By Amy Vega - July 11, 2014
How should I proceed with a client who requires total hands-on assistance and seems to be stuck in Phase 1 of IM training for a long time?
Interestingly, IM providers report that clients who display the most significant trouble with timing tend to make the most rapid progress. They also report that total hands-on assistance can be quite helpful and can lead to functional improvement. So, don’t be discouraged!
Some strategies that have worked to progress a client who is stuck in Phase 1 and doesn’t appear to be learning to synchronize with the beat are as follows:
· Turn off the guides sounds. A person who isn’t understanding how to get in sync with the Reference Tone may be confused by the Guide Sounds.
· Whole body movement to the beat may be helpful – with total hands-on facilitation, of course! This can be accomplished by rocking a person forward and back to the beat as he lays prone on a large therapy ball. As he is rocked forward, you can help his outstretched hand make contact with a trigger that is attached to the floor in front of him (he will make contact with the trigger every other beat). The tempo will need to be adjusted to a slower pace – experiment to see what is most comfortable. You can accomplish whole body movement in other ways: rocking side to side while shifting weight from one foot to the other; sitting facing your client with a large sheet wrapped around his back and you holding each end…pull toward you on one beat, and allow your client to rock back on the next beat; in a hammock; in a rocking chair; etc…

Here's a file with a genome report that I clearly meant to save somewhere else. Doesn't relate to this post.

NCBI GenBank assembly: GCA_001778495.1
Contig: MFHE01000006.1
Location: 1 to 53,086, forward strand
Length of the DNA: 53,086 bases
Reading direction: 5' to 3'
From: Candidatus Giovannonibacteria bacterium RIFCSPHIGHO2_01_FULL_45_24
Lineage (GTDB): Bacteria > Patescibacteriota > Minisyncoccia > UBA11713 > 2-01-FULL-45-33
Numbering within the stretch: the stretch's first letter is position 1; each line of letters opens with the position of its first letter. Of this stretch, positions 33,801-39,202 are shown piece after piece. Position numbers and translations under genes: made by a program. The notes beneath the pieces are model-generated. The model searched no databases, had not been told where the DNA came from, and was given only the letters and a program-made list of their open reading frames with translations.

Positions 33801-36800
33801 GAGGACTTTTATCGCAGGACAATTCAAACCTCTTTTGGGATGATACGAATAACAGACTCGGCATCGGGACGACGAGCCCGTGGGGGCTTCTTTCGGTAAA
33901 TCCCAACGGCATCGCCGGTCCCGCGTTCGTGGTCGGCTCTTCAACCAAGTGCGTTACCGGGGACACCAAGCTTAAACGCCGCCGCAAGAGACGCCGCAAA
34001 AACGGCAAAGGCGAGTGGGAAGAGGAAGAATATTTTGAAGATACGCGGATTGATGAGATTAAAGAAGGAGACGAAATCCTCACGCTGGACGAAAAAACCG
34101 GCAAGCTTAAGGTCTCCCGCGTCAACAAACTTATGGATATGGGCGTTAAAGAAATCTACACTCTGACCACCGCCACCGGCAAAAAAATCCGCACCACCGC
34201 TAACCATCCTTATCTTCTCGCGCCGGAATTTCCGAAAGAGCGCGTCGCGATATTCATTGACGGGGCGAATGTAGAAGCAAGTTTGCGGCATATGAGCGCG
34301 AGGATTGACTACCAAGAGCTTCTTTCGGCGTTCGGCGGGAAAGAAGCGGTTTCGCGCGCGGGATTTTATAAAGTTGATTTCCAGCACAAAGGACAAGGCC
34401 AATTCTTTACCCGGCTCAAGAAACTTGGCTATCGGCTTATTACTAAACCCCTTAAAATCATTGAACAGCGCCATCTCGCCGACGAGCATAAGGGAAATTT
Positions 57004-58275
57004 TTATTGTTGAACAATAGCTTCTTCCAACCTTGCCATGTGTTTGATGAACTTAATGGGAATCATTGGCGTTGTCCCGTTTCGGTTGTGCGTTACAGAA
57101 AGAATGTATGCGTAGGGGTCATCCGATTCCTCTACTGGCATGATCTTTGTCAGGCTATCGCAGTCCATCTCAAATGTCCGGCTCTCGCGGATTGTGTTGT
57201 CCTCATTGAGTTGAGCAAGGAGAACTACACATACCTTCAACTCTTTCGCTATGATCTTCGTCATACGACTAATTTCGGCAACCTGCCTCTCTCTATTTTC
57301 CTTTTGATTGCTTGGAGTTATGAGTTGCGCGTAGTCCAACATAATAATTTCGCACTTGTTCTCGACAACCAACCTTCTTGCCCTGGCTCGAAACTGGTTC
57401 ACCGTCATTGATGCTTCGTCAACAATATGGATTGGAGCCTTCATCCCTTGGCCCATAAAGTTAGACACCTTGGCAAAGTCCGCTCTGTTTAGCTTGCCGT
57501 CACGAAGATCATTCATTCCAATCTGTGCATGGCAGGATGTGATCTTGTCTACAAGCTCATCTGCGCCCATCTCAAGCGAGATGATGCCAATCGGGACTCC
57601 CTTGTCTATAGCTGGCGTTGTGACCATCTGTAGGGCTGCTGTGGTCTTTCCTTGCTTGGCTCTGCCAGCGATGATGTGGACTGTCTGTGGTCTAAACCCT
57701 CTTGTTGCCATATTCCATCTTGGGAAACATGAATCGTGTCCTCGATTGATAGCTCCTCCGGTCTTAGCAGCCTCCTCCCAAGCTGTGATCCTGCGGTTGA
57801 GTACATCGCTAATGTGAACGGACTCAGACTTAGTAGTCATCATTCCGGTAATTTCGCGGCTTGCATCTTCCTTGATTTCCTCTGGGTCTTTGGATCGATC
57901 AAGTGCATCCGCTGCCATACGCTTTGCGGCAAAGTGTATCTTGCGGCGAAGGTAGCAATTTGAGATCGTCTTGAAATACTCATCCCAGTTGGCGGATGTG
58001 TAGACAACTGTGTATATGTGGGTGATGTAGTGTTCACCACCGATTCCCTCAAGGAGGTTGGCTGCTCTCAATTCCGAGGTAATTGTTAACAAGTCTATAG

· Some clients may focus best in an enclosed space (i.e., makeshift “tent”) or with fewer distractions in the room.
· Some clients may become “distracted” by your proximity or touch, or by the IM equipment or sounds due to Sensory Processing Disorder (SPD). If your client has SPD, you may need to make adjustments in your approach so that IM training is comfortable. Most individuals with SPD like the repetitive, rhythmical aspect of IM and find it calming; however, they may need the volume reduced, different headphones, etc. to achieve comfort.
Amy Vega, MS, CCC-SLP
Interactive Metronome, Inc
Clinical Education Director
Clinical Advisory Board Director
Clinical Education Administrator